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McKinsey Report: How can South Africa embrace the Fourth Industrial Revolution (4IR)

How can South Africa embrace the Fourth Industrial Revolution (4IR) to rekindle economic growth and transformation, revitalise skills, and create high-quality jobs in large numbers?1 And how can the country mitigate the risk that the 4IR will lead to job losses – given that unemployment today stands at 29 percent, its highest level in a decade?

These questions have been top of mind for leaders from across the public, private, labour and education sectors – and are the focus of the Commission on the Fourth Industrial Revolution appointed by President Cyril Ramaphosa.

This paper is intended as a contribution to the national conversation about the 4IR and the future of work in South Africa. The paper focuses on the elements of digitisation, machine learning and automation and draws on key findings and insights from McKinsey’s research on the future of work in an age of rapid technology adoption – both in South Africa and across the globe. It also benefits from interviews with several leading businesspeople, education providers and social-sector leaders.

Building on this evidence and these insights, our research suggests that while the advance of technology could be disruptive, it primarily represents a substantial opportunity. South Africa can harness technology to reignite productivity, growth, and job creation. But, to seize that opportunity, concerted action will be needed from businesses, government, labour organisations and educational institutions.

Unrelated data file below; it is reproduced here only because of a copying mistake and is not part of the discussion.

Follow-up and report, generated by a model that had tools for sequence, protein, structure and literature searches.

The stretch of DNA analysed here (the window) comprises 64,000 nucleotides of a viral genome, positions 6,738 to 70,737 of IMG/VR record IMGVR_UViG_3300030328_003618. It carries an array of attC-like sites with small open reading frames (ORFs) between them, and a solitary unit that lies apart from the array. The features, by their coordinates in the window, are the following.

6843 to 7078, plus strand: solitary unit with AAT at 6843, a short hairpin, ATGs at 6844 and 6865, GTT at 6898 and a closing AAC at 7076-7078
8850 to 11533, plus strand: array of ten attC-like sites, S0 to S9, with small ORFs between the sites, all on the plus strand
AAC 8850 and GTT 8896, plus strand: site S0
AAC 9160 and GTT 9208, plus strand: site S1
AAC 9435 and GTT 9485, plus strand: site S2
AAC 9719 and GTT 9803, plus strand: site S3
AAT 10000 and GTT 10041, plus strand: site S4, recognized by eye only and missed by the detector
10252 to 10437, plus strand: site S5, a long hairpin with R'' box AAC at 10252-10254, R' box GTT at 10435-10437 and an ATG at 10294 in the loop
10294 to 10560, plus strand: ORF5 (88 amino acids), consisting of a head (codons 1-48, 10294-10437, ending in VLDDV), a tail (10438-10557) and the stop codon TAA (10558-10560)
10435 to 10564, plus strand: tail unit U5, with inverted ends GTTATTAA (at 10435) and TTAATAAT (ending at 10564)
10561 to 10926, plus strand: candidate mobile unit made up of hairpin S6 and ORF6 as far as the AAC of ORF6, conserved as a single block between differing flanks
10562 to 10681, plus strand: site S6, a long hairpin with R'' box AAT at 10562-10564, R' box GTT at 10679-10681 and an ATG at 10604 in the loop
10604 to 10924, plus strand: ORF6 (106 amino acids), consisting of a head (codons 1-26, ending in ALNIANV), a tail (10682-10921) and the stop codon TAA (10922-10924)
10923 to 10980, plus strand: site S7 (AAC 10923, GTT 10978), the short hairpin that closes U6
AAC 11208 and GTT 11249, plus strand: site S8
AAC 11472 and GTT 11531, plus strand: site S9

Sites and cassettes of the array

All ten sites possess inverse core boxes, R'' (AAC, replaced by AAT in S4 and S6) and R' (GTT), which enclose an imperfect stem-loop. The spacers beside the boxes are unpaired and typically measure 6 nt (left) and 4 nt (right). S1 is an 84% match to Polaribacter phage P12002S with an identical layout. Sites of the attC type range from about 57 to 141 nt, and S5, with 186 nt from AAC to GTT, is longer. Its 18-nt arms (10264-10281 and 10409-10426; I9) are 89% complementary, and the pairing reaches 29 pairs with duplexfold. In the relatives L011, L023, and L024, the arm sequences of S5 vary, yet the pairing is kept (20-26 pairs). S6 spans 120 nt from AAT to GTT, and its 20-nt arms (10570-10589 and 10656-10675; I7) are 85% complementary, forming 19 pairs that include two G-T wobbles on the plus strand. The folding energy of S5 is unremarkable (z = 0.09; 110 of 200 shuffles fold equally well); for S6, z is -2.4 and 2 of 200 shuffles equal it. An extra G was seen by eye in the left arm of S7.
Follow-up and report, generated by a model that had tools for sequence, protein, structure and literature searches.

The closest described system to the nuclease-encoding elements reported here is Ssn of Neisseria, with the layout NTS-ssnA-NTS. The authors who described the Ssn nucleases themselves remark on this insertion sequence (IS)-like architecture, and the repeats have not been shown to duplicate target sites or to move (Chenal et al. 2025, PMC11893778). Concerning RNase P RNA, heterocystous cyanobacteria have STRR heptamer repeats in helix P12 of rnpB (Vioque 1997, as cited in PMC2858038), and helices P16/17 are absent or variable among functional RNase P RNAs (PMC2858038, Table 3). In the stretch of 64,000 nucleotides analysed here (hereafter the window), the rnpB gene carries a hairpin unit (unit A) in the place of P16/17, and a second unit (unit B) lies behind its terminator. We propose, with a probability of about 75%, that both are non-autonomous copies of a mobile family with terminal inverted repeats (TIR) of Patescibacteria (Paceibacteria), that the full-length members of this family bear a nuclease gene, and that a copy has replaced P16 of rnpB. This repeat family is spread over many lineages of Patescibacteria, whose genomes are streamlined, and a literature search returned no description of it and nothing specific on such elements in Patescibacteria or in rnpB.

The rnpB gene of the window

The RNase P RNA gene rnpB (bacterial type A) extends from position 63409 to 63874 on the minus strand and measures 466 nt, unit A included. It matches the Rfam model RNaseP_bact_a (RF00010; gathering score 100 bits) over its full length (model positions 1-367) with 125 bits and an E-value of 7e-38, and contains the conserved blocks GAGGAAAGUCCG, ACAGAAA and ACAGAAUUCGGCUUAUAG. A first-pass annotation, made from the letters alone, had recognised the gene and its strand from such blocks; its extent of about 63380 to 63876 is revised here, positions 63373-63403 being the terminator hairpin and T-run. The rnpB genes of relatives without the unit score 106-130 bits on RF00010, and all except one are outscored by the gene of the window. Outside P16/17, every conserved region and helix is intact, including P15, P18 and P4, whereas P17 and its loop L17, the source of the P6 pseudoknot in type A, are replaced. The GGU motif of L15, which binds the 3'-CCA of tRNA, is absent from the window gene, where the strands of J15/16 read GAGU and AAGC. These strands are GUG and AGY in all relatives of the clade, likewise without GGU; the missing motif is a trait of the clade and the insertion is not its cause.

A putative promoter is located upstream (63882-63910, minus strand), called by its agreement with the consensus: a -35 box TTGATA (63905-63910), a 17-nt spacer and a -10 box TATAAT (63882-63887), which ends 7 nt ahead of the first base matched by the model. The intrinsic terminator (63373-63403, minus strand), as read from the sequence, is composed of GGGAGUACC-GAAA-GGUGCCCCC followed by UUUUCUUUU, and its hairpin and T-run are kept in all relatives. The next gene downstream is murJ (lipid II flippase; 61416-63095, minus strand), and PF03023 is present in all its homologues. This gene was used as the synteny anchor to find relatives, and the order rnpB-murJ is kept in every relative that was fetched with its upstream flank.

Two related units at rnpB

The case for taking such action is compelling, given South Africa’s high levels of unemployment and the need to accelerate inclusive economic growth. One key challenge is that the country has been slow to nurture the skills needed for companies to compete and grow in an increasingly technology-driven world. That matters for the millions of young South Africans struggling to build their own futures.

Let’s consider the dreams and struggles of three such South Africans – Amanda, Bulelwa, and Chris. Although their stories are fictitious, they are representative of many young South Africans. They also provide a human lens through which leaders across sectors can rethink the future of work in their organisations and across society.

Click here to view the complete report on the Future of Work in South Africa

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